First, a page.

Why I’m grateful – my experience visiting my sponsored child

Joanna started sponsoring in 1998 – hoping to make just a little bit of difference in a child’s life. After travelling through the remote areas of Mongolia 17 years later; she learned that her little bit of generosity had achieved more than she had anticipated.


By Joanna, Mongolia child sponsor

Why did I start sponsoring a child? I’m just so grateful for the opportunity and the environment that we have – I know how lucky I am to live in Australia and not every child in the world has the same opportunities, so I just wanted to help a little bit.

I’ve been sponsoring Davaanyam for about five years now and she has been my third sponsored child since 1998.

Meeting Davaanyam was very humbling and very exciting. It was really great to see her and her family in person – it just made my sponsorship more real.


               "The visit to the Zavkhan project just further convinced me that whatever small contribution I had given so                    far had made a difference to Davaanyam and to the community she lives in."


Davaanyam’s hometown is in the south of Mongolia and is very remote. From where I landed at the Uliastia airport, the drive to the community took four hours. It was a beautiful place, don’t get me wrong – the mountains and scenery were breathtaking, and peaceful – but that long journey makes you realise how remote it is. If you think logistically about the resources the communities and the project have to bring in. They’ve come a long way with World Vision’s help, but definitely, more needs to be done.


               "I learned that the project is in the early stages of a 15 year long project. In only a few years they had built a                    dam for water collection and the project manager also explained that they have a washing and drinking                          station, and have been teaching children about the importance of washing their hands before eating and                        after going to the toilet.  They are also developing an education centre."

I was shown the work that I’m supporting

I was shown various project activities and I was told about plans for the future and how they would keep improving those areas. I thought “wow that’s really great” – it gave me a very good overview of what had been achieved.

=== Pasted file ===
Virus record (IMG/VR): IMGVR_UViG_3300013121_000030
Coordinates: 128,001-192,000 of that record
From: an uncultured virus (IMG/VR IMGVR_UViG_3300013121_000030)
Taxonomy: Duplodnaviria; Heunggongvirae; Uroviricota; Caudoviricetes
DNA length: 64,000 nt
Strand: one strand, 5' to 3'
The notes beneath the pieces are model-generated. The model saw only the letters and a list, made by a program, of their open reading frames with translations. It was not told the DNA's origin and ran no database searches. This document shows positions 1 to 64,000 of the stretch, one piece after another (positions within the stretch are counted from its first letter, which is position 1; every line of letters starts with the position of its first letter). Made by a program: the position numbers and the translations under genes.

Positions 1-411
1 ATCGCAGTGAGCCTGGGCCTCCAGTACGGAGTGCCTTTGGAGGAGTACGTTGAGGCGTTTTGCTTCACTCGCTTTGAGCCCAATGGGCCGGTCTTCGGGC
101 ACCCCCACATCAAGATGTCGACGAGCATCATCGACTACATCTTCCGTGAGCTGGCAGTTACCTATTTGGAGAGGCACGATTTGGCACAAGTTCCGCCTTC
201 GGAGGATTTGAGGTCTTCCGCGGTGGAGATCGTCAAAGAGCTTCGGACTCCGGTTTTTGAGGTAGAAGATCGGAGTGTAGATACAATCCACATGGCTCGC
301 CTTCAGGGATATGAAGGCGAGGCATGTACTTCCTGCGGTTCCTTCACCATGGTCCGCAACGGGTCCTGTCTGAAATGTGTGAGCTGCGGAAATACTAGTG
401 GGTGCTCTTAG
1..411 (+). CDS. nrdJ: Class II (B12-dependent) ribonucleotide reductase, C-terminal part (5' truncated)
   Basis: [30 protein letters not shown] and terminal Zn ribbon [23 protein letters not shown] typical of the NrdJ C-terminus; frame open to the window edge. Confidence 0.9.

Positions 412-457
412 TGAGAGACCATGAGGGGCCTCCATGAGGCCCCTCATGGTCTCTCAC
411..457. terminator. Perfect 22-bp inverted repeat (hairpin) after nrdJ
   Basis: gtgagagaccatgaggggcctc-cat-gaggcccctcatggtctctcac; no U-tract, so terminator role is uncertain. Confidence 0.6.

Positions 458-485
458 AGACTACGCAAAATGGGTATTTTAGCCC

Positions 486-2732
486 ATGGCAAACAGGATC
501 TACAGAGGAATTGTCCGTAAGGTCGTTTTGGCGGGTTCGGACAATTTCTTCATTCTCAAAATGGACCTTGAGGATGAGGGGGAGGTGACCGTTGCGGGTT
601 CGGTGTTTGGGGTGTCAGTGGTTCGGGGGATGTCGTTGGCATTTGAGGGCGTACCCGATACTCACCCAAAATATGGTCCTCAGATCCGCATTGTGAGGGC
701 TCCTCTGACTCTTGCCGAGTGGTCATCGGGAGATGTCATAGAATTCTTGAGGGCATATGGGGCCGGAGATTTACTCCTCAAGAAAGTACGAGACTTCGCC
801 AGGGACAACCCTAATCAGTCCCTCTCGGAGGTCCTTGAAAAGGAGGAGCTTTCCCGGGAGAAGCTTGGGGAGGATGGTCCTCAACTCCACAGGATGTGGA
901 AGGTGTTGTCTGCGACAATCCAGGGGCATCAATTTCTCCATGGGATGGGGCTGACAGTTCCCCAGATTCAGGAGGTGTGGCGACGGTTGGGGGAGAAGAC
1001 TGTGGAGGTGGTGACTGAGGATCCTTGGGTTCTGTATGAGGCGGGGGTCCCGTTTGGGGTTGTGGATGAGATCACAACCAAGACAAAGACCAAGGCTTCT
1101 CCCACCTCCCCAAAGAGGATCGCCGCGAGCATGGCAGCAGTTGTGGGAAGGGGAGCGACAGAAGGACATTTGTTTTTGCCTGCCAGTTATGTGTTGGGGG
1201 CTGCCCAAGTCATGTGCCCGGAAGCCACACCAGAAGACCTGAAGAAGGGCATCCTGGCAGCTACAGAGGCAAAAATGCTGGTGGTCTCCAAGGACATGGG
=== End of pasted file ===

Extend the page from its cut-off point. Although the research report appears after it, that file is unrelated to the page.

"I felt that my money had been used effectively and it gave me the security to know that I definitely want to                   continue with my sponsorship."


I visited the vegetation project and they showed me how the community was able to now plant and grow their own vegetables, which are helping to improve nutrition and livelihoods for families and their children. Right next to this they have their own water irrigation system so they can collect the rainwater. I then saw this big pipe to pump the water into where they’re planting the vegetables.

What I learned about Mongolian culture

I met Davaanyam at the education centre that afternoon and they kindly provided us with a traditional Mongolian lunch. The Mongolian food is quite different. The meat has a strong and acquired taste but was very delicious. Even the milk tea is different to what we have here – it was a little salty. I think the milk was from a yak or horse. I also had the chance to try the national drink called “Airay”.


             "I was treated as a guest and I wanted to respect their traditions. Like when you enter a room, you have to                       enter from the left-hand side. Also, when you sit down in the Ger (the traditional Mongolian hut), normally                     there’s an altar of the family ancestors so you have to make sure your feet don’t point that direction because               it would insult them."


Davaanyam gave me a blue silk scarf and I gave her a hairband with flowers on it – she was so delighted that she took off her old hairband and put it on – it was really touching. I was so happy to see her and glad that she really liked my gift.

Her mum showed me that she really appreciated our visit to see Davaanyam and the rest of the family, even though we couldn’t verbally say it, we could tell through our body language. I myself appreciated her taking the family and coming to meet me as well. I thought that I’d only meet Davaanyam so it was a surprise.

At the end of the day, Davaanyam walked me through the education centre; it was encouraging to see how proud she was to show me around. I’m very grateful to have had such an opportunity to visit – It was a very positive and memorable experience, which I will always cherish.

Interested in visiting your sponsored child? Find out more